the stern. When the transport (service) vessel arrives, the holdback tug will disconnect from the stern, and assist with the heading of the storage vessel. The service vessel will approach with two escort tugs, one push-pull tug at the bow and a holdback tug connected to the stern.

A full time domain model with all the DP systems and hawser connections was set up in MARIN’s software tool aNySIM. The model helped to determine the optimum layout and weather limits for this operation. To prohibit DP system interference, each support tug is station keeping to an earth fixed position set by the mooring master. The tug lines are sufficiently long to restrain the dynamics of the tanker, while giving it sufficient freedom to prevent peak line loads.

Vessel handling When a change of weather requires a significant heading change of a hose connected field vessel, all other connected vessels will need to respond with the appropriate heading and position change. This rotation around the well requires the production vessel and tug assisted storage

vessel to move along a predefined track within the bounds of the floating hose as shown in the schematic below.

Desktop numerical analysis simulated hawser loads and holding tug tow line loads for two sizes of storage and offloading tankers within a range of wind, current, wave conditions and directions. The desktop study raised concerns about the ability to coordinate the movements of five vessels - two large tugs, a stern holdback tug, the storage vessel, and the transport (service) vessel. MARIN suggested that HWCG make use of MARIN’s Houston bridge simulator. An AET Lightering mooring master then directed the operations of the tugs, storage and service vessels.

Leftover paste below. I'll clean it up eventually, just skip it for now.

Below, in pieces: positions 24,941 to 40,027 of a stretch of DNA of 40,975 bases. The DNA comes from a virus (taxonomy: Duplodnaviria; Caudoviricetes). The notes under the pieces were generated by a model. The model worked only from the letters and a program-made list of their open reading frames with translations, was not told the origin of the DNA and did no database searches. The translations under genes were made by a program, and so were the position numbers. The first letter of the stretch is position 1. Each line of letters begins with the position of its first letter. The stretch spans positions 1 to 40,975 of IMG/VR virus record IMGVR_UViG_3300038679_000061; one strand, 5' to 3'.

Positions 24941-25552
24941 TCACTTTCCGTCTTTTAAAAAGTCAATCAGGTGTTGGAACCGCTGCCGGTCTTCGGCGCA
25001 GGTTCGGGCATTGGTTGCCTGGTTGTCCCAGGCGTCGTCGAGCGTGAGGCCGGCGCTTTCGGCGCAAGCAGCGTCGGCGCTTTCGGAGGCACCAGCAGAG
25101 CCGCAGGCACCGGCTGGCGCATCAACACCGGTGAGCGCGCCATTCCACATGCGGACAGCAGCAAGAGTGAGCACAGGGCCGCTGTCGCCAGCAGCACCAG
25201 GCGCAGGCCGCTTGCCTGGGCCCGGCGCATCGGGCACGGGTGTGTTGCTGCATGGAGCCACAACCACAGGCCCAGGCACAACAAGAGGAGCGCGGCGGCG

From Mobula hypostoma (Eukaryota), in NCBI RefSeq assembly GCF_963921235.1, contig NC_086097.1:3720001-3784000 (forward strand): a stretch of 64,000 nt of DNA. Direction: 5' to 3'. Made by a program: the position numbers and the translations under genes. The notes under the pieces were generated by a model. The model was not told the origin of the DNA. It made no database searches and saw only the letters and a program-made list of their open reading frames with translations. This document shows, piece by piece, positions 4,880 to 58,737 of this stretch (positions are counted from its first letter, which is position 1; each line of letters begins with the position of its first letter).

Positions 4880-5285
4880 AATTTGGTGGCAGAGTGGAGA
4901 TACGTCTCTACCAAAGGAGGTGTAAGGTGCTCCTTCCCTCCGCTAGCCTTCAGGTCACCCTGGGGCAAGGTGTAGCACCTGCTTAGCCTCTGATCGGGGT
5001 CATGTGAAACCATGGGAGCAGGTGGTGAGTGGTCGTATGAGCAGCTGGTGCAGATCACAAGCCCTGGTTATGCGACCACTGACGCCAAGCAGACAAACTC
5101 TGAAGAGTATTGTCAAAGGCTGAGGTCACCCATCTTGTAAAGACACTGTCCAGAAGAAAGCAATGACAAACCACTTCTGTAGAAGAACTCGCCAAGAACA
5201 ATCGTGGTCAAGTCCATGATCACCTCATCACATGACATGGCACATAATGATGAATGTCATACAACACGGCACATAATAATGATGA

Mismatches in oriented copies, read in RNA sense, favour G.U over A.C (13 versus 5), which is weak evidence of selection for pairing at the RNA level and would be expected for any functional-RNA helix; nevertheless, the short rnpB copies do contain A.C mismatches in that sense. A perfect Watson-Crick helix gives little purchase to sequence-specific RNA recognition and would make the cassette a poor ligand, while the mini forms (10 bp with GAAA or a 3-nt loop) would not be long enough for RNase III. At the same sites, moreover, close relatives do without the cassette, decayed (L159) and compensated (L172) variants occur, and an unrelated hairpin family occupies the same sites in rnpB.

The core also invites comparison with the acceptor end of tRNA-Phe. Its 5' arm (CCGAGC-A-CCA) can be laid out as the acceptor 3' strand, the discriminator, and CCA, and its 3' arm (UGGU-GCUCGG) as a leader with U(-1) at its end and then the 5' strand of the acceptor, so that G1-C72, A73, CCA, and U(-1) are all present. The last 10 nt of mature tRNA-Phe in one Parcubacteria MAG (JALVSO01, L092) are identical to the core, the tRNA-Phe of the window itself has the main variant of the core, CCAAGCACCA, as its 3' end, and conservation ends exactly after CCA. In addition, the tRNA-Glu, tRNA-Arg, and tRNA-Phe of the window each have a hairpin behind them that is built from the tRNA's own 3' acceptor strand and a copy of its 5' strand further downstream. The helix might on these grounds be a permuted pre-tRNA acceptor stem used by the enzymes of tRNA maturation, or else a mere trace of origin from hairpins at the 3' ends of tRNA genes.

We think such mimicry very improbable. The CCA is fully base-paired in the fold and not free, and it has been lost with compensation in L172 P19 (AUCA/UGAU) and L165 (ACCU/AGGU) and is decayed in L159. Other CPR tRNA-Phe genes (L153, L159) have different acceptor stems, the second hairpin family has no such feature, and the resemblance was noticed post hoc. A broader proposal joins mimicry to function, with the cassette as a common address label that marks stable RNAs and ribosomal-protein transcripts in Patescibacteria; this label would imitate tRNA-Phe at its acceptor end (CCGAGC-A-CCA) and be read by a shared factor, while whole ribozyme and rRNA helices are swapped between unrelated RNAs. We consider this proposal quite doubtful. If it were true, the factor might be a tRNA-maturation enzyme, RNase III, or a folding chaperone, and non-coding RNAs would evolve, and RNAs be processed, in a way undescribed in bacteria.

The hydrodynamic models of the storage and offloading tanker and holding tugs were then input into a bridge simulator to allow real-time simulation under various conditions. An experienced tanker offloading mooring master, DP process vessel OIM (Offshore Installation Manager) and positioning tug captains were brought in to participate. They used the bridge simulators to confirm

Predefined tracks for weather required rotations around the well

feasibility and develop procedures for posi- tioning and relocating the storage tanker using tugs.

Weather operating windows, hawser design and tug characteristics predicted by the numerical analyses were modified as a result of the bridge simulation work. The bridge simulator is now available for the training of emergency response vessel personnel. The study shows how integrating numerical analysis, bridge simulations and operator input helps solve complex operational design challenges.

report 23

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